I also mounted one on the back of my large work table so it would be easier to reach and plug in all the essentials: light, magnifier, solder iron, etc.

 

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Discussion Starter · #8 ·
When we first moved here 10 years ago this was my corner in the old shop.


Heres all the room I had to build the MLS bridge


but after the new shop was built and the old one became just for trains.
I built the current bench


new shop in 2005 which is now full
 

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Hi Greg!

My workshop didn’t always look like this, but after visiting a friend’s shop a number of years ago I cleaned mine up. His wife had a new kitchen installed and he inherited all the old cupboards and countertops. With tube lighting, light coloured cupboards and counter tops; his shop was bright and clean. He had everything at his finger tips and knew where everything was. I was impressed, and began improving my own shop.

My desk and drill press stand are government surplus. They have steel frames, sturdy tops and lots of roll out drawers for tools and accessories. My large work table is also government surplus, but it does not have drawers. Two small, storage cabinets were bought and rolled underneath to hold all the tools I use most frequently. Two larger storage cabinets hold other tools and materials. Small storage cabinets are mounted on the wall above the work table to hold all the small parts and electronic components most frequently used.

One of my hot buttons is spending half an hour looking for a tool that I would use for five minutes. So everything was organized so I could always find them quickly. For the same reason everything is always put away after a work session. Anything left on the work surfaces would be inspected by curious felines when I wasn’t around. If it was small enough and could be batted around the floor, it would quickly become a toy until it disappeared out of reach under something.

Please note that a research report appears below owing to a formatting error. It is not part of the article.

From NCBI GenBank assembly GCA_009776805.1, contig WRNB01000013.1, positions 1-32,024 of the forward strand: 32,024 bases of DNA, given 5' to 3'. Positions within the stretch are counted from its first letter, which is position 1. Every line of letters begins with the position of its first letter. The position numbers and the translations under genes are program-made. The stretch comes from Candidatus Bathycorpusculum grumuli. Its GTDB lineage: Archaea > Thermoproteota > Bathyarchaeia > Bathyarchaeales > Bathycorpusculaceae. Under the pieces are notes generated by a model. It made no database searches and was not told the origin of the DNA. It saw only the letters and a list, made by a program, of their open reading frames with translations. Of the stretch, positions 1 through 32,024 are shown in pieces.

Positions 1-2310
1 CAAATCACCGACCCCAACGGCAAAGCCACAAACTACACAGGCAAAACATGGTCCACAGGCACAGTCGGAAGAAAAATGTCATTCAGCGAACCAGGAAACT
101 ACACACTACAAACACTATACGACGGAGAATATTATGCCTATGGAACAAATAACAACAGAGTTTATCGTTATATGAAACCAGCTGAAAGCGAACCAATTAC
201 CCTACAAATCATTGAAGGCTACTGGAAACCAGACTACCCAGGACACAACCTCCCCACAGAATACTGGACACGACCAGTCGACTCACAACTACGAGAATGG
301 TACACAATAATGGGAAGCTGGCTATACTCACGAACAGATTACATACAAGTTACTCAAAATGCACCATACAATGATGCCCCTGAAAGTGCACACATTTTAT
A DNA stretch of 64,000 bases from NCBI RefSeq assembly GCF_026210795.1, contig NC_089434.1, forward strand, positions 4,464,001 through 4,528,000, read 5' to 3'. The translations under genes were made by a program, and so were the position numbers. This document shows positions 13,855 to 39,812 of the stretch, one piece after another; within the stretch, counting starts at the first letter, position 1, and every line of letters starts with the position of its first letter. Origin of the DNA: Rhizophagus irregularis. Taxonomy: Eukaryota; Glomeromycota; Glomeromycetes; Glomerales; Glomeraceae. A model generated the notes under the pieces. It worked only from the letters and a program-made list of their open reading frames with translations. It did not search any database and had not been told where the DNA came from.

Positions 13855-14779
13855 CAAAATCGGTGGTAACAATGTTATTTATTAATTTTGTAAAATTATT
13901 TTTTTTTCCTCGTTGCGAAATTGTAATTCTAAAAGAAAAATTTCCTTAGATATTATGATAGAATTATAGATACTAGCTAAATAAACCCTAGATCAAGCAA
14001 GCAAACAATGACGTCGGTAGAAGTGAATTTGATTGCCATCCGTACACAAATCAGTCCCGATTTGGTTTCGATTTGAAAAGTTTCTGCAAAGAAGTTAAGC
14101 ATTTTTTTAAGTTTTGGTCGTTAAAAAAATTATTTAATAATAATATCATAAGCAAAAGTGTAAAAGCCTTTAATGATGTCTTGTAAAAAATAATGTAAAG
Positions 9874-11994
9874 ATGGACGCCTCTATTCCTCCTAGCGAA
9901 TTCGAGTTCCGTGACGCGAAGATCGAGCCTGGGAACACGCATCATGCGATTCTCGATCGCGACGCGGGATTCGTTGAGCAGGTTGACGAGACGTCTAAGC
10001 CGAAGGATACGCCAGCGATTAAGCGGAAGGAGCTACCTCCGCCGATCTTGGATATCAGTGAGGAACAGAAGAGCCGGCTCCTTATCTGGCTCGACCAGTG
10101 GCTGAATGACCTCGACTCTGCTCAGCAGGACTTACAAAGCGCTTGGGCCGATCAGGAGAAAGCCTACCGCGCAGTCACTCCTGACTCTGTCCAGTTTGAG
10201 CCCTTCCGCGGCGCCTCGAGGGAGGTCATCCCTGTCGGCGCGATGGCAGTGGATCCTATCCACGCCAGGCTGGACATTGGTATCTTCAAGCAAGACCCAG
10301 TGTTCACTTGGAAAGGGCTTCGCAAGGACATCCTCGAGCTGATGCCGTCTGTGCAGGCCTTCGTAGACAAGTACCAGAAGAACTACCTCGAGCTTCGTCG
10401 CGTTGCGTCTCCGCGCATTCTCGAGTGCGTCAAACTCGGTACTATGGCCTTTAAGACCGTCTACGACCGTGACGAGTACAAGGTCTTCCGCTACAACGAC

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Yes, I know. It’s something I hear often about my shop.

My On30 crew enjoyed it though. Although I think the freshly baked muffins and brewed coffee may have had something to do with the perfect attendance over two winters.
 

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Is that pillow in the last picture so you do not hurt your head when you bash it against the wall?

I keep mine near the computer, where it is most needed!

Greg
 

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Good one.

The pillow is multifunction. Butt support, Train support / surgery support and finally head support after too much wine has been consumed
 

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GG:

Go you!

'Way back in the Dark Ages (1971) my wife and I moved into this brand new house. All we had was a mattress (young newlyweds) a coffee table to eat from, and one lonesome bookcase.

We ran Lionel all through that house. Dual track down the hallways branching off into the unused bedrooms, around the coffee table and under the bookcase--we loved it.

Kids came, priorities changed....

Les
 

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Posted By Les on 03/10/2009 4:28 PM